BH: An example of where this might be useful is when you want to write a smart contract to arbitrage across multiple decentralised exchanges. Right now you’d need to query the DEXs, pulling from web3 and then implement the strategy to call the DEXs. But this means that you need to wait for transactions to be mined and the prices may have moved when you go to run your smart contract. With sol.tty you write the strategy in your wallet, ensure it works and execute it directly. In a way this now gives us some of the functionality that exists in Libra’s Move, where there are transactions and mini scripting programs that act as transactions. It allows you to orchestrate multiple smart contracts, and gives you more flexibility.

AB: We also implemented it as an identity contract, so that the functions can be called from a single contract acting on your behalf and allows you to control the originator of the call. This makes it cleaner to write code and add functionality later. It also allows your contract to do arbitrary things where the owner is an onchain entity.

BH: It is really flexibility to the extreme. It allows you to do anything that the EVM can do. We hope that it should open new functionality and allow people to experiment. We’ve looked at how it could be helpful for rapid prototyping without the need to deploy. You just run trials hammer at the end point. This might even be helpful for penetration testing on other contracts. Send a lot of tries at once and see what happens.

CP: So an EVM in an EVM is cool. Could you also do something similar for other VMs?

AB: In theory, and I stress in theory, we could do eWASM in the EVM but it is more complicated, or really go extreme and do a JVM in EVM but there would be lots of issues there and extra functions that wouldn’t really work or be necessary. For the eWASM in the EVM it might be useful for checking new eWASM opcodes to check support on contracts as well as the usefulness of implementing them.

CP: Could you talk to me about some of the challenges of developing sol.tty, and what you learnt?

BH: You can think of the EVM as composed of a few parts, stack, memory, storage and loop logic. Implementing the loop was easy, for-loops with switches. Biggest challenge was working in an environment that already had a stack without blowing up something. In theory it was possible to do it in one stack, but it was easier and more flexible to re-implement everything in memory.

AB: Our second issue was whether we would have corrupted memory. Initially we thought, “nah”, that’s not going to happen, but in the end, of course, we ran into corruption issues. Sectioning memory was something we constantly had to keep in mind.

BH: While implementing opcodes, a tricky problem to get right was positioning all data correctly on our stack. The EVM needs everything to have fixed widths, but sometimes appends values on the left, sometimes on the right. We had to go back to the GETH code to see how it was done. There isn’t a ton of documentation on it, outside of the Yellow paper which was a bit harder to decipher and would have taken too much time, so having a reference implementation was good.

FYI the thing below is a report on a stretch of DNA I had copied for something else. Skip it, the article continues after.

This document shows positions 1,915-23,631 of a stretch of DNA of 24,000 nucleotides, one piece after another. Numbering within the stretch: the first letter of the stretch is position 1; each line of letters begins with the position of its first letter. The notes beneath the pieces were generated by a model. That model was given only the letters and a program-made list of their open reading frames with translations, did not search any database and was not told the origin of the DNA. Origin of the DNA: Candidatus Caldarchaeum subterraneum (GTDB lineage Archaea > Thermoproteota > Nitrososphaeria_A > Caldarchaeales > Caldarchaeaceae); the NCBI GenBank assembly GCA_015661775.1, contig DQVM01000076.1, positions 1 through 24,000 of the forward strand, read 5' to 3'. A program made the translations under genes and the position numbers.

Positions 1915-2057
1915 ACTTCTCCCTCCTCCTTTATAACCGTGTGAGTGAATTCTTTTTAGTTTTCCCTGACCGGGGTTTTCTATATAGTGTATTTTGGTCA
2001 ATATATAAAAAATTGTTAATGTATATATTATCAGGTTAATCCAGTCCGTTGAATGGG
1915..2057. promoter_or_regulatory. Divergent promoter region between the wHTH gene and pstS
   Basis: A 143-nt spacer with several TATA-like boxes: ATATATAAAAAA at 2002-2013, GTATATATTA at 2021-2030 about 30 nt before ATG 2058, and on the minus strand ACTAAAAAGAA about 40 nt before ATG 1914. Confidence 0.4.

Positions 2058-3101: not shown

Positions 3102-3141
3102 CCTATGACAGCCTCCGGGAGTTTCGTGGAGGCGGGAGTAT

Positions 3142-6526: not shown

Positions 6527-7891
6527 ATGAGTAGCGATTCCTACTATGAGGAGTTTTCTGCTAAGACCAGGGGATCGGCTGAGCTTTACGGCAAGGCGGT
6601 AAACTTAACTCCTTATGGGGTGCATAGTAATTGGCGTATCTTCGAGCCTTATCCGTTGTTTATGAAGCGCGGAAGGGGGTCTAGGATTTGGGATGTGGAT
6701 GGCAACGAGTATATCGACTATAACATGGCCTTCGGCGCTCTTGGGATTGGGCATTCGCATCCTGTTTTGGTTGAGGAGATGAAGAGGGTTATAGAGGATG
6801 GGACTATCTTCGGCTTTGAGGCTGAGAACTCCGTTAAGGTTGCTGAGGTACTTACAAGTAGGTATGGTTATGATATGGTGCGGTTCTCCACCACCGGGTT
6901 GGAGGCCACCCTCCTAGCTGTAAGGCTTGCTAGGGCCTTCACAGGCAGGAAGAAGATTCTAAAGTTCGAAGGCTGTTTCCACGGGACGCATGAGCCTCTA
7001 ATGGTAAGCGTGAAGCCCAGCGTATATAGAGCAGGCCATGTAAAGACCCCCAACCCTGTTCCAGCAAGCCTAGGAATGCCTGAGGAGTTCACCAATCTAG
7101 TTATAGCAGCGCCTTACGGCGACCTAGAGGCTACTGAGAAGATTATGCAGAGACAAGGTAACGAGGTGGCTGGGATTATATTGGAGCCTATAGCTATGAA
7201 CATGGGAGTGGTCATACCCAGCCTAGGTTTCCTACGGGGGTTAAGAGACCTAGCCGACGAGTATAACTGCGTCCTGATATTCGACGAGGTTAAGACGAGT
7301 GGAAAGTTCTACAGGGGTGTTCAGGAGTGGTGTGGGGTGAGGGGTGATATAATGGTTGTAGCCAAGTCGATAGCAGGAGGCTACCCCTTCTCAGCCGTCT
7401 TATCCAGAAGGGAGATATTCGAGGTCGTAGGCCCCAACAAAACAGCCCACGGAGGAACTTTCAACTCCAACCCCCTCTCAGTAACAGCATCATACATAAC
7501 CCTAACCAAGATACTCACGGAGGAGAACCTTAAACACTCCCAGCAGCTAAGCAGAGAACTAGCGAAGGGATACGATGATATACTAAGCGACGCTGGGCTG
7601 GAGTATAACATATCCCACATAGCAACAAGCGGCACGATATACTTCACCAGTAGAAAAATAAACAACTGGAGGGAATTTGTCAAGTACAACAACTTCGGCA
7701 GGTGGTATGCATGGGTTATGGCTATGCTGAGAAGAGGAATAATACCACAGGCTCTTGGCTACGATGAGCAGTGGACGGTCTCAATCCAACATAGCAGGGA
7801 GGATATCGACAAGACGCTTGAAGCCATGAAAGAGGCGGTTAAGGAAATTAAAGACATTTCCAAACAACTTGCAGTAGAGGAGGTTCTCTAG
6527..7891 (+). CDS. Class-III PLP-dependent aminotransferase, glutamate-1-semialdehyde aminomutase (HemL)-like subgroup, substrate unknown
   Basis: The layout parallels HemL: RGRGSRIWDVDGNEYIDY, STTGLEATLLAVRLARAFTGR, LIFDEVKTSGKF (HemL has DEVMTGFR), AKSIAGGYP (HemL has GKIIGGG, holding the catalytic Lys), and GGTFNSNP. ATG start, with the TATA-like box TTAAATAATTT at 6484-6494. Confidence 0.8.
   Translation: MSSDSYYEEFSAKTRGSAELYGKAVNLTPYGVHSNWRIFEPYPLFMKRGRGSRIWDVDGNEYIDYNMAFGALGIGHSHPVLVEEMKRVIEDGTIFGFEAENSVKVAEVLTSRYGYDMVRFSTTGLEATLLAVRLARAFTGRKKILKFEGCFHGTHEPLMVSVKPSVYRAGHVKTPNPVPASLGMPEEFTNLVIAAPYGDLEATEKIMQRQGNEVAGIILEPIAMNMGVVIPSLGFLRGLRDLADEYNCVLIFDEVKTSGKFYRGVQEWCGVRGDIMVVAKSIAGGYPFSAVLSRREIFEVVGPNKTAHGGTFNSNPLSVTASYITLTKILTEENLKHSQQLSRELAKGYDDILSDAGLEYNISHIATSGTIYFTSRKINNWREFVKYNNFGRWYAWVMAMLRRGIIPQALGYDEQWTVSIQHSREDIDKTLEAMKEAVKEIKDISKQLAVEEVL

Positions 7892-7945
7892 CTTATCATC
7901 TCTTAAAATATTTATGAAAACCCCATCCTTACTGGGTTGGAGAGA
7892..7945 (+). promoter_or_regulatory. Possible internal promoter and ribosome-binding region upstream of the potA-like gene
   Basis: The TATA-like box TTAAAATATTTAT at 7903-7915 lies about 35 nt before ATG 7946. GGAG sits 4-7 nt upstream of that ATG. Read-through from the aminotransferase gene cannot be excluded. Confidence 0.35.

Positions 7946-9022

CP: What’s next? Do you plan on further evolving sol.tty?

AB: It would be cool to continue to work on it, doing more optimisation on gas costs and adding more opcodes. It was cool when we arrived back in Serbia to see that we already got PRs for new opcodes. We’re just back so we’ve not given it too much thought but maybe we’ll look for grant funding to keep going.

BH: I’m interested to try having other languages for more defined use cases optimised for exactly what you’d wanted. This could make it easier for someone that doesn’t want to deal with all of solidity and could act as a bridge for what is executed onchain. Right now, without optimisation it isn’t really suited for using frequently because of the additional gas costs, but maybe this is something that could be brought down to say 5% more gas than going directly and might be worth using. It could also be useful for simplifying complex operations like swaps. Lots of transactions are straight-forward but others are a pain.

CP: Any other cool projects that we should know about?

AB: Check out Tenderly! We’re pretty heads-down focused there. Personally, I’m also interested in Uniswap because of its simplicity and flexibility.

BH: Decentralised identifiers are something that interests me personally. I also like the work around onchain wallets like Argent. The Gas Station Network (GSN) Alliance is also quite interesting because you can imagine how it brings adoption to the next level. Combine it with the iOS Shortcuts app to write code that is sent to GSN, and sol.tty. It would allow you to do walletless, gasless transactions from Siri.

CP: Alright, now you’re getting into sci-fi. Thank you so much guys, it was a pleasure talking with you. I wish you the best of luck, hopefully we’ll be hearing a lot more from you soon.

AB: Thank you, it was good chatting with you.